Mutasa: Tsvangirai was right on Zanu PF ills


In another ringing endorsement of opposition leader Morgan Tsvangirai, former Presidential Affairs minister Didymus Mutasa says the MDC president was always right on his “principled stand” against a “rotten” Zanu PF led by “self-seeking looters” who now belonged to the “dustbin of history”.

Speaking to the Daily News at the weekend, the former close confidante to President Robert Mugabe also said he regretted the fact that he distrusted, and was even spiteful of Tsvangirai when they worked together during the era of the Government of National Unity (GNU) when the latter was prime minster.

“During the GNU, I was prejudiced against him, I thought he was a puppet and at that time I didn’t see anything other than that. But looking at things now dispassionately, he was always right on Zanu PF.

“I remember the things he and the MDC used to say, and their views when they said Zanu PF yaora (Zanu PF is rotten). At the time I said these people are mad, but looking at it now, how else can you describe Zanu PF.

“The president has to act very quickly and think very quickly to resolve the problems because Zanu PF smells and is now a big stink,” Mutasa said.

Although Tsvangirai “shared” power with Mugabe in the tenuous coalition government from 2009 to 2013, in the capacity of prime minister, many senior officials from the ruling party — including Mutasa — openly defied him as he had no binding executive powers in reality.

But times have changed, with Tsvangirai and Mutasa — a key player in the People First movement that is associated with former Vice President Joice Mujuru, and which plans to forge alliances with other opposition parties ahead of the much-awaited 2018 elections — are now singing from the same hymn book.

Addressing his own supporters at a recent rally in Honde Valley, Tsvangirai said it was heart warming and remarkable that people like Mutasa now saw Mugabe and Zanu PF “for what they really are”.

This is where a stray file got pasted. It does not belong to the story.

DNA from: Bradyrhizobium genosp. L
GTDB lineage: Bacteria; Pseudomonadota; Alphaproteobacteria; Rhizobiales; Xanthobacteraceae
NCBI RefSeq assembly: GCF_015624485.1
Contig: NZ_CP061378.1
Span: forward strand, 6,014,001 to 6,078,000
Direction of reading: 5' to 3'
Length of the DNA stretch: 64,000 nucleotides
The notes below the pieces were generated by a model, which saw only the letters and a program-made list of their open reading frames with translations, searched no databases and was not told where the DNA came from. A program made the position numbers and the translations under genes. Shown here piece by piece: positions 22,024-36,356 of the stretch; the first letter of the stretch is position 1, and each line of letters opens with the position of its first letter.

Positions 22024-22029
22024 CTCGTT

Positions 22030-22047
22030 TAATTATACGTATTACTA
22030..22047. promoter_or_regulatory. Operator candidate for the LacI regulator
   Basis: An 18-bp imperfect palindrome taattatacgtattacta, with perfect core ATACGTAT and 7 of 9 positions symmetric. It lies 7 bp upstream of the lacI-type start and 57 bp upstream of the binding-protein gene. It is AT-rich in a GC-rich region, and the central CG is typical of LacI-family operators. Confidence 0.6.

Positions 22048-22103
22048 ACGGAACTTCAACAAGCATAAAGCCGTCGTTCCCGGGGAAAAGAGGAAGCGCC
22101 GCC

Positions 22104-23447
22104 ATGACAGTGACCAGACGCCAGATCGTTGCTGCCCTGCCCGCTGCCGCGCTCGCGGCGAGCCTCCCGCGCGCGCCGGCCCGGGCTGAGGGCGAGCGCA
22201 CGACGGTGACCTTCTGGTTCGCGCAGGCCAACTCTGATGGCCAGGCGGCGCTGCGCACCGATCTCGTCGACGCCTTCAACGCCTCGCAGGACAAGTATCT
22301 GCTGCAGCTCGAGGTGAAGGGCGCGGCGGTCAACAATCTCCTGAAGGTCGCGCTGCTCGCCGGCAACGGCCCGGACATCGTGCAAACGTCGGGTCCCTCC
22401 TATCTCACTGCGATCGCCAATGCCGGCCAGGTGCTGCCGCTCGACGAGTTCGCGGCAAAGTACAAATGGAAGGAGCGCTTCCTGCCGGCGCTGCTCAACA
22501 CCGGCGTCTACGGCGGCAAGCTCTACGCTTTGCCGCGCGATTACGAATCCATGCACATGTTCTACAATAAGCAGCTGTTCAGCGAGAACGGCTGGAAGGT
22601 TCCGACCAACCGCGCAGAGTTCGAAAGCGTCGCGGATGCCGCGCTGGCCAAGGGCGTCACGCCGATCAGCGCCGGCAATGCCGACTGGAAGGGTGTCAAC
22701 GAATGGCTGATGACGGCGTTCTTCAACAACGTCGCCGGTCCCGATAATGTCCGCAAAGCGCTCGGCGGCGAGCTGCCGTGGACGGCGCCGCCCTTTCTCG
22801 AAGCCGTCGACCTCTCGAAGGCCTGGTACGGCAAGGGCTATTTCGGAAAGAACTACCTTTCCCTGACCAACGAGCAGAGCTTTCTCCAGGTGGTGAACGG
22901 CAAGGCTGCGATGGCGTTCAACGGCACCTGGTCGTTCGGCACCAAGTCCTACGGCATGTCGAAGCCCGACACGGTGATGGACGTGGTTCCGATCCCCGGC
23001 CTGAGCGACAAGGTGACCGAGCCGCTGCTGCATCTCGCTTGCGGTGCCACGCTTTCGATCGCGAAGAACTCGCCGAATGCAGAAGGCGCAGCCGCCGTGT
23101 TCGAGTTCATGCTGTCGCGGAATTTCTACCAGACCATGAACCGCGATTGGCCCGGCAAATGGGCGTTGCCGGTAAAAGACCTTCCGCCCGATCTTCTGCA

“But if we now see the same way that our country needs change in terms of leadership, then we are moving in the same direction. We should put our

efforts together to see that Mugabe and Zanu PF go,” Tsvangirai said.

Kent University law lecturer and former close aide to Tsvangirai, Alex Magaisa, said it was critical in his view for the leaders of the MDC and the People First movement “to park their egos and engage in coalition talks”.

The one major hurdle that Magaisa foresaw for the conceived grand coalition would be the fact that there was no love lost between Tsvangirai and People’s Democratic Party leader Tendai Biti, who is said to be close to some of the top players within the People First movement.

Still, Magaisa said, it was time for the fragmented opposition in the country to set aside their personal differences and work together.

And Mutasa told the Daily News at the weekend that he was aware that there were attempts to scuttle the mooted coalition talks by “some selfish individuals in both the post-congress Zanu PF and the MDC”.

“The question that one has to ask is are these envisaged coalitions for the leaders or the people, or is it just the same selfishness that we have seen over the years?

“I would want a coalition that includes all the parties and the leaders who have been tested and who are strong, who want their nation to go forward,” he said.

Mutasa said the envisaged coalition, that has since rattled Mugabe and the post-congress Zanu PF, should not be about positions but rather about finding solutions to “extricate crisis-weary Zimbabweans from the jaws of poverty that they have been placed in by Zanu PF’s rotten policies”.

“We are in a very sad state and it is really worse for people in the rural areas who have no dollar to buy bread. They are placed in the worst economic conditions imaginable.

“There is nothing these people can expect from this government but to wait for the rain, and even when the rains come, few have the seed. I would like the government to announce something that gives people hope, but they are just fighting among themselves. The situation is untenable,” Mutasa said.

Resultantly and obviously so, Mutasa said, Zimbabwe — formerly viewed as the bread basket of southern African — was now a basket case and a net importer of food where at least 1,5 million people were in dire need of food aid, ironically from the West.

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